Monthly Archives: August 2019

Renewing the vows

In 2010, Dimitra and I both read a book that inspired her ─ and thus inspired us ─ to write ‘manifestos’: lists of rules to keep in mind and to live our lives by.

Dimitra would often enthusiastically refer to her manifesto in the years that followed (“the Prague Diner Manifesto”, as she called it, for it was written while we were on holiday) and even got some of her friends friends to write their own.

I quickly forgot what I wrote in mine.

In part this was because I wasn’t ready for this. At 32, I felt a lot less my real age than I do now. I still struggled with life more than I admitted.

I also found it hard to make it genuine. I am a natural pleaser and thus it became about what I thought Dimitra wanted from me, rather than what I wanted for myself. Trying to please others isn’t necessarily a good character trait, and certainly not what others are looking for.

Nine years later, fate has made it so that I am on my own again.

As I tried and sometimes struggled to adapt to this new reality, I started to write things down on this blog. And then I found myself using these blog posts as reminders of what I really want, of what I believe I am meant to do.

And so I found myself thinking of those 2010 manifestos and ended up writing a new one: ten things I tend to forget, especially when I am not well, to regularly consult and to check big and small decisions against.

And here’s the thing: it helps. It might be psychology 101, but having a written list of things to check is a surprising simple way to not fall into bad habits.

Asking how someone is doing only because I am lonely? No, because I have promised myself not to do things disingenuously. Saying something just for the sake of doing so? No, because I agreed with myself to know when to shut up.

Dimitra and I occasionally discussed renewing our wedding vows. We never did ─ and then things happened. This is like renewing the vows I made to myself. I need this to move forward. It is great.

Moving and moving on

Elizabeth Alexander is an American poet. She read a poem during the 2009 inauguration of Barack Obama. She is a mother of two and was married to a man who died unexpectedly in 2012. She wrote a memoir about this called The Light of the World.

Dimitra, for that was my wife’s name, and I both read the book a few years ago, having discovered it independently of each other. Not until a few months after her death did I remember it and not until this spring, during a visit to the United States, did I finally get my hands on a paper copy.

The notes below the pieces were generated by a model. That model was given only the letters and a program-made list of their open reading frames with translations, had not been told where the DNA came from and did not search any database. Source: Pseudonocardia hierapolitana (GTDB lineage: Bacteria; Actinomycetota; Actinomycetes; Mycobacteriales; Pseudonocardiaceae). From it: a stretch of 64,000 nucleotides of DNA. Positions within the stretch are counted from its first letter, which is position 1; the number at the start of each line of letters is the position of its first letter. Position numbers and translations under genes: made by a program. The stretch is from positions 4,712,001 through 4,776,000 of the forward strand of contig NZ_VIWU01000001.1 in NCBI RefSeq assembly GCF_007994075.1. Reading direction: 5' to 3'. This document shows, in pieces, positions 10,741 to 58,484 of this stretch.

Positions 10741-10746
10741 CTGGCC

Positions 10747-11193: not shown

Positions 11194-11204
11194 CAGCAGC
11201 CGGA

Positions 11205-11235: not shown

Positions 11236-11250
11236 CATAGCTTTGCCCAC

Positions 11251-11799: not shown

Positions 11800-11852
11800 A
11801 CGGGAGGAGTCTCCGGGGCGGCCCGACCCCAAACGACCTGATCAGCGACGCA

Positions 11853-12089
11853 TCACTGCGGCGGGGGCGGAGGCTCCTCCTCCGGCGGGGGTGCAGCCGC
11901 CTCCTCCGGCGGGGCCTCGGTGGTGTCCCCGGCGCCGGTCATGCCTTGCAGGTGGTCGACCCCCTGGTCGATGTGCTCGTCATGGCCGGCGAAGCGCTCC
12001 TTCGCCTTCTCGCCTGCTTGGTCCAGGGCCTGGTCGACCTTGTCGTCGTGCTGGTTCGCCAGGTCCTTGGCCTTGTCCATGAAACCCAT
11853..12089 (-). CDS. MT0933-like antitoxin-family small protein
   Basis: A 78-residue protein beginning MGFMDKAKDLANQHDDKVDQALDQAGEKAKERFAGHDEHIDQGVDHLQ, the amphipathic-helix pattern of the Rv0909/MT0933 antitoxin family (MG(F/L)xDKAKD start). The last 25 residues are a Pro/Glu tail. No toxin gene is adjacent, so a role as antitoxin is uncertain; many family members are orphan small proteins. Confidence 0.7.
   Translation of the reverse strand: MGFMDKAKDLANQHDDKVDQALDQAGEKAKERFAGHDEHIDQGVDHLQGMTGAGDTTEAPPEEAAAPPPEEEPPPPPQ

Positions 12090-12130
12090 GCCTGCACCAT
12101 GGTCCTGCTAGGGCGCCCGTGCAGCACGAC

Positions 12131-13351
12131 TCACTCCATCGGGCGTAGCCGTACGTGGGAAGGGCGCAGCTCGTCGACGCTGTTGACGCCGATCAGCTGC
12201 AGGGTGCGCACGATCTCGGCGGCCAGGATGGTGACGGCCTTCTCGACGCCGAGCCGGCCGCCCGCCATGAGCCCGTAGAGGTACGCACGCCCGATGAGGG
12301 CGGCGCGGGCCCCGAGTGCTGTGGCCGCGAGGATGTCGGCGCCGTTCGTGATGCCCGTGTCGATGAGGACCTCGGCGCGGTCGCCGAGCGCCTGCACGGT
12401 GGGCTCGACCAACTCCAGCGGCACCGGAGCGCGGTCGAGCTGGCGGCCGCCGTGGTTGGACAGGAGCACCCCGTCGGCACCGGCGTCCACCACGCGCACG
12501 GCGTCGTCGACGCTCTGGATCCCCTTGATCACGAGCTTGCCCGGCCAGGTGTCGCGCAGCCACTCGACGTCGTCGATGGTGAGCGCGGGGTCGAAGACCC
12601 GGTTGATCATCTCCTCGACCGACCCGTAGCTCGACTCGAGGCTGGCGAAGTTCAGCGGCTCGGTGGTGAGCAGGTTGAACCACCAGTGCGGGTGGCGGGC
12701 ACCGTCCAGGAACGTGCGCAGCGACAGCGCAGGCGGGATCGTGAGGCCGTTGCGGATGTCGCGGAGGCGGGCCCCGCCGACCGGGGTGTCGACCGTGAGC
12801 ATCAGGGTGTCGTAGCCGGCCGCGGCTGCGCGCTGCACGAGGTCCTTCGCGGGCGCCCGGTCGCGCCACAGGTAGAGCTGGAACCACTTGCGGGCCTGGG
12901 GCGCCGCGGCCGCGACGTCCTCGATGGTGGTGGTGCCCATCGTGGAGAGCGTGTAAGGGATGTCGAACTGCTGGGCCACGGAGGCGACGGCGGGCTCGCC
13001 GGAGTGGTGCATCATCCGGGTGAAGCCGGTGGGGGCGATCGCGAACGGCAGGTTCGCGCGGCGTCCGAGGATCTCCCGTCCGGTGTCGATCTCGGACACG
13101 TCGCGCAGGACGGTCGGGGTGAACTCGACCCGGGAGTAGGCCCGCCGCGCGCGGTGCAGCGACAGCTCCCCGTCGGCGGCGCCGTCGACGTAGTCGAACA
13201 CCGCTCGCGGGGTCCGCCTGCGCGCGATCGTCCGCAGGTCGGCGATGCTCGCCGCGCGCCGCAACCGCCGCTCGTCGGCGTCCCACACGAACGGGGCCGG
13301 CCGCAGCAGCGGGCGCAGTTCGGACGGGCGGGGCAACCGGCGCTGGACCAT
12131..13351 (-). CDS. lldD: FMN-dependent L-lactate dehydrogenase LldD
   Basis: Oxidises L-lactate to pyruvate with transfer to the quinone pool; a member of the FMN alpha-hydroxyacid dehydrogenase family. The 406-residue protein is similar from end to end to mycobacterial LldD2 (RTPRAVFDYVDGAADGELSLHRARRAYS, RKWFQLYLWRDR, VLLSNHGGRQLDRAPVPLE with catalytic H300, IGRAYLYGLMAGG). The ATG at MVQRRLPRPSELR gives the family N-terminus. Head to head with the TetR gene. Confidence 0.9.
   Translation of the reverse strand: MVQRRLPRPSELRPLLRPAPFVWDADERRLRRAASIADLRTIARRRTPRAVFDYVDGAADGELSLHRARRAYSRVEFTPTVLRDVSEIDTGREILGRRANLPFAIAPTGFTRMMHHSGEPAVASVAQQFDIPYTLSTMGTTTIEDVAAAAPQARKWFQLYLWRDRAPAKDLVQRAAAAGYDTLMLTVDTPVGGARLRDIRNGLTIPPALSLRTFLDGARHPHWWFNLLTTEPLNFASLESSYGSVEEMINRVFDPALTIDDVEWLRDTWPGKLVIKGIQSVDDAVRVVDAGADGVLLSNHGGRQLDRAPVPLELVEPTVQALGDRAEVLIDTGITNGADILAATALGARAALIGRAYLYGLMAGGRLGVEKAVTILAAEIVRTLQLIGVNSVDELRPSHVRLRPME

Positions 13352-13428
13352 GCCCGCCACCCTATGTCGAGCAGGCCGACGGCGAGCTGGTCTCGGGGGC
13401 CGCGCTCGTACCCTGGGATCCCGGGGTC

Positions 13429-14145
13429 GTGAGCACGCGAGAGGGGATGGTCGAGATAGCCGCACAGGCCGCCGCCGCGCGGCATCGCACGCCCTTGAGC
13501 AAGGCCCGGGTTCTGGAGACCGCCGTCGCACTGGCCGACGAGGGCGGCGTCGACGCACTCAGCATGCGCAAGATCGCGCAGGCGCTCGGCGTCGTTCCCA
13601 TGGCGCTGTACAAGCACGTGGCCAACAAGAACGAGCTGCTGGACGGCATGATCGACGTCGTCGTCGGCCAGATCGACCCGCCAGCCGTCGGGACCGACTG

Though everyone’s story of grief and loss is different, the book really resonated with me when I re-read it. And then I came to the passage where Elizabeth and her children, a year after the husband’s death, decide they need to move out of their house.

Yes! I realised immediately. Yes! So do I.

I always knew I would eventually be leaving Greece, but I also thought this would be ‘when the right opportunity would present itself’. Suddenly I realised that I needed to take matters into my own hands and that it was actually very important to do so, perhaps more important than the actual moving away.

After Dimitra died, it helped me a lot to continue living our life, in our house and doing the job that, in many ways, we had built together. It gave me the time and space to digest what had happened and the safety of, in many ways, living life like I had done it for the past decade.

Now it is just as important for me to move on. Not to forget what happened or what our life was life, but to properly close that chapter in my life. To help us become me again.

And thus I will be leaving our house and Greece, and also my job, for new adventures. I don’t know yet where I will be moving to or what work I will be doing, or when this will place, but the necessary things have been set in motion. Alea iacta est.

It is exciting. It is exactly the opportunity provided by Dimitra’s death that I have talked about so often that I am now going to chase. I feel immensely privileged that I am able to do this.

It is also scary. Moving isn’t easy and moving internationally (which I have done twice) is even more difficult. There are many things I will need to discard of. And I have not made big decisions like this on my own for a very long time.

And this is exactly why it is such an important thing to do. I want to be doing great things, I keep saying. It is very important that I take this first step on my own.